I. What is an Epigram?
An epigram is a short but insightful statement, often in verse form, which communicates a thought in a witty, paradoxical, or funny way.
II. Examples of Epigram
I can resist everything but temptation
This brief epigram by Oscar Wilde is remarkably witty: temptation, is by definition, something we attempt to resist. By saying he can resist everything but temptation, the speaker is also saying he can resist nothing.
There is only one thing in the world worse than being talked about, and that is not being talked about.
This epigram speaks to the idea that being gossiped about may seem bad, but being completely ignored often feels even worse. Readers would expect the opposite of a bad thing to be good, but in this case, the opposite is even worse. This statement illustrates the paradoxical side of many epigrams.
Experience is the name everyone gives to their mistakes.
In this example, wit and brevity communicate the larger idea that people soften their mistakes by claiming to learn from the experience.
III. The Importance of Epigram
Epigrams show that the truth can be conveyed concisely and wittily. Whereas many writers and speakers take time, effort, and space to make the truth known, epigrams take advantage of brevity. Short sayings are more memorable and more easily passed down over time than long essays and arguments. Because it is often difficult to concisely and wittily express complicated or universal truths, a well-written epigram is considered an admirable poetic and intellectual feat.
IV. Examples of Epigram in Literature
Because epigrams can be both witty statements and concise poems, they are prominent figures in literature.
Of all my verse, like not a single line;
But like my title, for it is not mine.
That title from a better man I stole:
Ah, how much better, had I stol’n the whole.
In “Underwoods: Epigram,” Robert Louis Stevenson expresses the witty idea that his poem’s title has been stolen, but he would be better off if he could steal an entire poem from a different poet.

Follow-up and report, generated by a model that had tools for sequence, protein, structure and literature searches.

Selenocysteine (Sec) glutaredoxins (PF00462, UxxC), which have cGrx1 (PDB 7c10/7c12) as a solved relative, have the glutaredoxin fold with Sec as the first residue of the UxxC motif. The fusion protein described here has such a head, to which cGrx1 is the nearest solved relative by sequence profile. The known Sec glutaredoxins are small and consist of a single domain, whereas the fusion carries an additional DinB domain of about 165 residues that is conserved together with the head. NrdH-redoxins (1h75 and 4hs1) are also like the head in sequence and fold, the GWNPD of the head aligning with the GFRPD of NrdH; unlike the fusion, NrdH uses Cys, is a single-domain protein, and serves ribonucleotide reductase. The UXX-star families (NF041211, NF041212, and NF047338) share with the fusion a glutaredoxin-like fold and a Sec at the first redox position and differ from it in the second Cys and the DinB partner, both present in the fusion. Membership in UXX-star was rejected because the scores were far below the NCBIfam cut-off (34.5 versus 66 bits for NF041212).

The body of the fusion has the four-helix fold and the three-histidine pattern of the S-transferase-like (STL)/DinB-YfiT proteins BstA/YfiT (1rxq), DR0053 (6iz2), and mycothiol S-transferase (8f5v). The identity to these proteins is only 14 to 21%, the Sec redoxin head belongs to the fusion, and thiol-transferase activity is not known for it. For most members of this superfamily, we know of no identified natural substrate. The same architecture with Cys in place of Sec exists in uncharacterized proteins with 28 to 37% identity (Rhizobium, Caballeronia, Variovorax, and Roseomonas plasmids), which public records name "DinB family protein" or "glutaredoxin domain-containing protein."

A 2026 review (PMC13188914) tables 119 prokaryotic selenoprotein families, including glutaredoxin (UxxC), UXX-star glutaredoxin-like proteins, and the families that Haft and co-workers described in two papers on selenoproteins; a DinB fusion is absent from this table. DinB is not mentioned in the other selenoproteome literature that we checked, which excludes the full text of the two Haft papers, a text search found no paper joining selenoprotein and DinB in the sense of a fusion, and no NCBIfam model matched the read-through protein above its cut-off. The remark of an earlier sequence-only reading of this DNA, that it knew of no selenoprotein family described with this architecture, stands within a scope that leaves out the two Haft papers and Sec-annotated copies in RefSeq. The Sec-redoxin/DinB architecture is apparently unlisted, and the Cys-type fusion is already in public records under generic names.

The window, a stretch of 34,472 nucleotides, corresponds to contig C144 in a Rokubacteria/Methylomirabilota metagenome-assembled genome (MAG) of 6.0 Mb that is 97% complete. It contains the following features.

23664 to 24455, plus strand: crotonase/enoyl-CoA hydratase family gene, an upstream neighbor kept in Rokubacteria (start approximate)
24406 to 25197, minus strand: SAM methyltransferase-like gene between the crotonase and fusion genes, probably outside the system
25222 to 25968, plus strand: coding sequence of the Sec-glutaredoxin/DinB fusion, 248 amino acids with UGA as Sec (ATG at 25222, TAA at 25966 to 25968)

A man said to the universe:
“Sir, I exist!”
“However,” replied the universe,
“The fact has not created in me
A sense of obligation.”
In “A Man Said to the Universe,” Stephen Crane uses the epigrammatic form to express that although human beings feel important, the universe does not always treat them as such.
V. Examples of Epigram in Pop Culture
Although epigrams are often literary, they can also be found in pop culture. Numerous celebrities have coined epigrammatic phrases. Here are a few examples:
Winners never quit, and quitters never win.
Lombardi’s statement is concise, witty, and ultimately true: a great example of an epigram.
For a last example, consider the quote by the actress Audrey Hepburn:
The best thing to hold onto in life is each other.
Hepburn emphasizes that the most valuable thing in life is, in fact, not a thing but other people.
VI. Related Terms
An aphorism, like an epigram, is a brief and thoughtful statement that expresses a generally accepted truth. There are a few slight differences between aphorisms and epigrams. For one, epigrams are often in verse form, whereas aphorisms are not. A second difference is epigrams tend to be witty or paradoxical, whereas aphorisms can have a variety of tones from serious to witty to humorous.
Epigraphs and epigrams are a few letters away from being the same, and their definitions also have overlaps. An epigraph is a brief quotation placed at the beginning of a literary composition, whereas an epigram is simply a brief and witty statement. An epigram may be used as an epigraph, but epigraphs range in tone, form, and subject much more widely than epigrams do.
VII. In Closing
Brevity is difficult, and so is wit, but the epigram effortless combines the two for a memorable and universal expression of truth. Epigrams can be poetic, witty, paradoxical, and surprising. Sources of epigrams range from classical poets to modern celebrities, showing great truths can be found in many places.